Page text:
The GIZ and the German Environment Agency (UBA) on behalf of the Federal Ministry for the Environment (BMU) are holding the international Green Cooling Summit which addresses the question of how to implement the Kigali Amendment to the Montreal Protocol. The main issue will be the replacement of hydrofluorocarbons (HFCs) especially in the air conditioning and refrigeration sector. read more
If we are to have any hope of reducing greenhouse gases, we will need to substantially roll back energy use, improve energy efficiency and at the same time ramp up renewable energy production and use. To leverage this potential, we need to institute efficiency measures and optimize renewable energy technologies. But to do this, it is crucial that economic, infrastructure and political obstacles be overcome.
What is the key to the success of climate protection measures? Timely, sustainable infrastructure investments worldwide that will create conditions early on and in a timely manner that will be conducive to adherence to the two degree ceiling. Hence transformation of our economic systems and their underlying socioeconomic structures (energy systems, urbanization and land use) will need to begin at the national level, and then continue based on an across the board sustainable-development paradigm on the global level. As a society, we need to be very clear about the fact that climate protection cannot and will not be achieved through technical solutions alone, and will instead necessitate fundamental transformation of our lifestyles, "mentalités", and values.
In the interest of moving toward achieving these goals, in 2010 the German government adopted an ambitious energy infrastructure transformation program that sets a long term strategy for German energy and climate policy. We at the UBA are supporting this process through our own investigations of long term scenarios aimed at energy efficiency, the use of renewable energy, and energy-infrastructure transformation monitoring. To this end, we are implementing instruments such as carbon trading, the guarantee of origin register, and the "Blauer Engel" seal of environmental quality.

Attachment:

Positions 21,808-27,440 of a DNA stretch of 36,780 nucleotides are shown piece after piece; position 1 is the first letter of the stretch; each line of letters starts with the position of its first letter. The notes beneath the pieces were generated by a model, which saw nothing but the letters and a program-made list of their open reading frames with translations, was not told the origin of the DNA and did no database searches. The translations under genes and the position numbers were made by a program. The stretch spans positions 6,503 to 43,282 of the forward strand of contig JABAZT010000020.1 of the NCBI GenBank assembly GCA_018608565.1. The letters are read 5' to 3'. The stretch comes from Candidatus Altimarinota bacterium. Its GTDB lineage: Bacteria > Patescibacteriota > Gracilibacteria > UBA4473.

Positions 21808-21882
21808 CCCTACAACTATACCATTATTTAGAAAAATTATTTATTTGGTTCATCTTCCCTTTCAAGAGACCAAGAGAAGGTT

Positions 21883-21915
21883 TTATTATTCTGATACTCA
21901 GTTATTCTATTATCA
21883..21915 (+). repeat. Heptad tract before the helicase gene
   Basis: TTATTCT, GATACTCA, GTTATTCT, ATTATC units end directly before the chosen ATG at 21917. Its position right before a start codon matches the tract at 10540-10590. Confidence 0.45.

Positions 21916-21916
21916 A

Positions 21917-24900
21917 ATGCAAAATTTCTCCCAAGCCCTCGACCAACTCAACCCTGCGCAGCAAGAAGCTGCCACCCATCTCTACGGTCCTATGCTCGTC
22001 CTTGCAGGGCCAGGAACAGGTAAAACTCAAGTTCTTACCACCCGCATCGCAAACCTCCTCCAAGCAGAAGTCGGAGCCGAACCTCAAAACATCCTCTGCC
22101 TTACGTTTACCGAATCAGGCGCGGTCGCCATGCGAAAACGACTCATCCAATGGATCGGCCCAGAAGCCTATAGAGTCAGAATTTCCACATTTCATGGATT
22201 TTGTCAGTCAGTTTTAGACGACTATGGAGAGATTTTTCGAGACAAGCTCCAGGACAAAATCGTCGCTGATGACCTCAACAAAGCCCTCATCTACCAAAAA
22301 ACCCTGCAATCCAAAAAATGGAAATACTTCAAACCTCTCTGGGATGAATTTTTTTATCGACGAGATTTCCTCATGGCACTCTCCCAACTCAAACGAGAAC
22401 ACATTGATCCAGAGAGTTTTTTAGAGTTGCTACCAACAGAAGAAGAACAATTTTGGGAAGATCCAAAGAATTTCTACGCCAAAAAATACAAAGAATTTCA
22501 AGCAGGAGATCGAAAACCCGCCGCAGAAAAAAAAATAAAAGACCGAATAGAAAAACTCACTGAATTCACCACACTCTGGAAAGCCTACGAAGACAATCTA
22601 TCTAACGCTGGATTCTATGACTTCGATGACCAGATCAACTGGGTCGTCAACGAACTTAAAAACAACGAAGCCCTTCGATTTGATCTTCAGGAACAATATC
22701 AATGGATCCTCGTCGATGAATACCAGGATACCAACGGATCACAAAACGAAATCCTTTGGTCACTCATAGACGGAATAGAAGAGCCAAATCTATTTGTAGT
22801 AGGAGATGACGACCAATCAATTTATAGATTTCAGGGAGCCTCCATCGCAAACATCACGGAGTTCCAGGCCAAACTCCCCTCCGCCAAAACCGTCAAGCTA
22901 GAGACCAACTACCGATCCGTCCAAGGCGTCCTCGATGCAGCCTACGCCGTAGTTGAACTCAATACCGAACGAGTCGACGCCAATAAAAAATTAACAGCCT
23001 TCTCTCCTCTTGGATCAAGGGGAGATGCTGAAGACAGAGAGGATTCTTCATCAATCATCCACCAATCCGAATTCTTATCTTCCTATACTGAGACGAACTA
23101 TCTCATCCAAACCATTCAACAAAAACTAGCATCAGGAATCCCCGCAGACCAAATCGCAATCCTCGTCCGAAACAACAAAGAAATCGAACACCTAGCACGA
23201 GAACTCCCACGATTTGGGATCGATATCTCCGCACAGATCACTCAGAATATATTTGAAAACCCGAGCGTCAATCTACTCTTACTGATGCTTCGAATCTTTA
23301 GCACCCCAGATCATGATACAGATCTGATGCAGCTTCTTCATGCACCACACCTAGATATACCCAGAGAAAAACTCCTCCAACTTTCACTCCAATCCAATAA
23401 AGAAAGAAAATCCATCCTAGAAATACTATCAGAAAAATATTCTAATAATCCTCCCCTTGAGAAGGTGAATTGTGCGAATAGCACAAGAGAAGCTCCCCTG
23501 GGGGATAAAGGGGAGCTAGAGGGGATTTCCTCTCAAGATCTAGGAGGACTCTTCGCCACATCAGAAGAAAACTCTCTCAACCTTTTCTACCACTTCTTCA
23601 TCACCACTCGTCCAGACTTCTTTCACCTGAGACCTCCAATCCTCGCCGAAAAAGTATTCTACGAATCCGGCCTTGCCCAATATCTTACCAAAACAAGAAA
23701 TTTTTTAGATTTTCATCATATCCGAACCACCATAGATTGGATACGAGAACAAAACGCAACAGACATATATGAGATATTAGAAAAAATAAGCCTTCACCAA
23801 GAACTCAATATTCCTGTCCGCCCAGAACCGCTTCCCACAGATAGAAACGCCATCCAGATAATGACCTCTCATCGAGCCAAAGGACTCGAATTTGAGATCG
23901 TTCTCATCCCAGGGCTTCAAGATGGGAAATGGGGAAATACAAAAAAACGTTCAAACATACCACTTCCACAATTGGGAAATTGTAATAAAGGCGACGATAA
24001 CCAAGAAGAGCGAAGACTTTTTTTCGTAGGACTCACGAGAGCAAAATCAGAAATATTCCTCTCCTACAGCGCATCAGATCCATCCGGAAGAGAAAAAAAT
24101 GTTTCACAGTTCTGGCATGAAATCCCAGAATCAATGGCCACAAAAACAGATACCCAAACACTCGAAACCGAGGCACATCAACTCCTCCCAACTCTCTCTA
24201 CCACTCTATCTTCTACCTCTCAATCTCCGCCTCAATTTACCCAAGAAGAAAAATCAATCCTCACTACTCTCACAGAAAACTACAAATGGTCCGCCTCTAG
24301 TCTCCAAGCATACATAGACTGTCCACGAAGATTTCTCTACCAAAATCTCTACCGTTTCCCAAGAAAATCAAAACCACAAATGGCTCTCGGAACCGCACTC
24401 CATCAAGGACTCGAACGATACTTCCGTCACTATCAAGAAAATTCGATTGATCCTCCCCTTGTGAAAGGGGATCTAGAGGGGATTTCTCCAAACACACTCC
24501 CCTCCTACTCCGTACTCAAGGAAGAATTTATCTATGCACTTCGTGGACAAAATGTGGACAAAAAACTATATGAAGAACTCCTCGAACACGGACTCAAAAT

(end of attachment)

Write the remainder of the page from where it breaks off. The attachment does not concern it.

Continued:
German Environment Agency co-champions global initiative for digital environmental sustainabilty
The United Nations Environment Programme, the United Nations Development Programme, the International Science Council, the German Environment Agency, the Government of Kenya, Future Earth, and Sustainability in the Digital Age have joined forces to act as co-champions for a new global initiative called CODES (Coalition for Digital Environmental Sustainability). read more
Award for sustainable building UMWELT & BAUEN 2021: call for entries
The UMWELT & BAUEN award recognises projects that are already realizing the idea of a new European Bauhaus in terms of sustainable building. The prize will be awarded for the second time in 2021, this time in four categories. All stakeholders in the building sector are eligible to apply by the 25 May 2021 deadline. read more
State of the environment 2020: German Environment Agency draws a mixed picture
The "Environmental Monitor" for 2020 from the German Environment Agency (UBA) draws a mixed picture of the condition of the environment in Germany. While there have been recent improvements in air quality or greenhouse gases, other indicators fare poorly. read more
Germany's greenhouse gas emissions down 8.7 percent in 2020
Germany produced about 739 million tonnes of greenhouse gases emissions in 2020 – roughly 70 million tonnes (8.7%) less than in 2019. These are the conclusions drawn from emissions data from the German Environment Agency (UBA) which were submitted according to the specifications of the Federal Climate Protection Act for the first time. The cut in emissions achieved is the largest since 1990. read more
Many companies underestimate the risks of climate change
The consequences of climate change pose economic risks for companies. A recent study by the German Environment Agency (UBA) shows that only about half of the DAX 30 companies report publicly on these risks. None of the 100 largest companies studied provides information on whether the corporate strategy is resilient to stronger climate change. read more
Final account of 2019 greenhouse gases in Germany: Emissions declined by 35 per cent over 1990 levels
Germany emitted a total of 809.8 million tonnes of CO2 equivalents in 2019. This is around 46 million tonnes or 5.4% less than in 2018, and 35.1% less compared to 1990, according to the results of calculations submitted by the German Environment Agency (UBA) to the European Commission. read more
The transnational impacts of global climate change
Climate change will affect the frequency, intensity and regional occurrence of extreme weather events and lead to gradual climatic changes. Although impacts appear locally at first, they spread beyond political borders due to the global physical and economic interconnectedness. A new UBA report provides an overview of the potential impact chains of global climate change on the German economy. read more